St Mary le Tower, 17 Tower Street IP1 3BE
The great Victorian spire of St Mary le Tower rises above the town centre and may be the nearest thing Ipswich will ever have to a cathedral. The current church is the fourth to occupy the site, the first was recorded in the Domesday Book, commissioned in 1085.
The church was a focal point for the town In 1200. The town had recently been granted a Royal Charter by King John allowing the town to run its own affairs. As a result, the good people of Ipswich gathered in the churchyard of St Mary le Tower to elect two bailiffs and four coroners for the first time.
On the same day, it was decided by common council of the town, that they should elect a council of twelve sworn men, known as Portmen, to govern and maintain the borough. The church was almost totally rebuilt between 1850 and 70, only the south chancel and nave arcades were retained, while a larger church was built around them.
The rebuilt church has a unity of style in that of the Tractarians. There is a great deal of very high-quality woodcarving and good stained glass, a highly decorated 15th Century font, the earliest known panorama of Ipswich on a memorial to William Smarte (d.1599), a 17th Century pulpit, wrought iron stands for the swords and maces of the borough, and some significant memorials to members of the Cobbold family.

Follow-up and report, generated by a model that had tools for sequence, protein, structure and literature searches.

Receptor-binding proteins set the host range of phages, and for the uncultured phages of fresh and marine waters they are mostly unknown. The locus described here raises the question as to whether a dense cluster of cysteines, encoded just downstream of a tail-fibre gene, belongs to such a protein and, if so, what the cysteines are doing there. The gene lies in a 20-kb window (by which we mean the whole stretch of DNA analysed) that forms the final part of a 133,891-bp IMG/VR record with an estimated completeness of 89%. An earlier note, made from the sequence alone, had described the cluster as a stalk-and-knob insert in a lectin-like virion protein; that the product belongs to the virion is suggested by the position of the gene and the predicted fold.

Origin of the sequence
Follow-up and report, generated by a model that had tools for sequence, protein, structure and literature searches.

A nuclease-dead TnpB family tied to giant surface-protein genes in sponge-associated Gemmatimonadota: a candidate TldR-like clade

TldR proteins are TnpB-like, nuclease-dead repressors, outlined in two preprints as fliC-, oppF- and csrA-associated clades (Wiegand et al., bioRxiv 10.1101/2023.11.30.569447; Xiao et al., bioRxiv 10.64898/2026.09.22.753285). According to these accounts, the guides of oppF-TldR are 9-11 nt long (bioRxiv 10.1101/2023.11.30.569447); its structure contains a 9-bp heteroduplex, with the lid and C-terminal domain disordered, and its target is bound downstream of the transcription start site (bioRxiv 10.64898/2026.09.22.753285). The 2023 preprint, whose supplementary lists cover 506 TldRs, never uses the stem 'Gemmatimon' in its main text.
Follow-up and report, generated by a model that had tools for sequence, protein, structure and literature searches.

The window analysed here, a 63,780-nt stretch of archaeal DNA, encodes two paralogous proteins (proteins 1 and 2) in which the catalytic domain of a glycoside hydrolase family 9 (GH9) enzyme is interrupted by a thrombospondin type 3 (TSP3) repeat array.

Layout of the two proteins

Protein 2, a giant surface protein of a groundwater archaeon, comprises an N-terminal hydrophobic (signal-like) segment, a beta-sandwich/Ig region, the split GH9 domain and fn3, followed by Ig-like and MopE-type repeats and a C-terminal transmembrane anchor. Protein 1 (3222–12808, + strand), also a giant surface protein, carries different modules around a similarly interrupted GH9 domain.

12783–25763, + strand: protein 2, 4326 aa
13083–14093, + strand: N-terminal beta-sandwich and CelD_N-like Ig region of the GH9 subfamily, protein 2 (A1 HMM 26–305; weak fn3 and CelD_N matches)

Across the road, you will find Tower House a Grade II Listed building steeped in history and heritage. Additions between the 16th and 20th century simply add to its charm. Tower House has one of the finest examples of a 17th century Parqueted vaulted ceiling, magnificent Georgian Marble Fireplaces and an incredible feat of engineering in the Victorian Stone Cantilevered Staircase.
Tower House is a live heritage project and home to several charities providing programs and support to the community. The vision is to provide a space valued and used daily by the wider community.
[Source: St Mary le Tower and The Ipswich Book of Days by Rachel Field]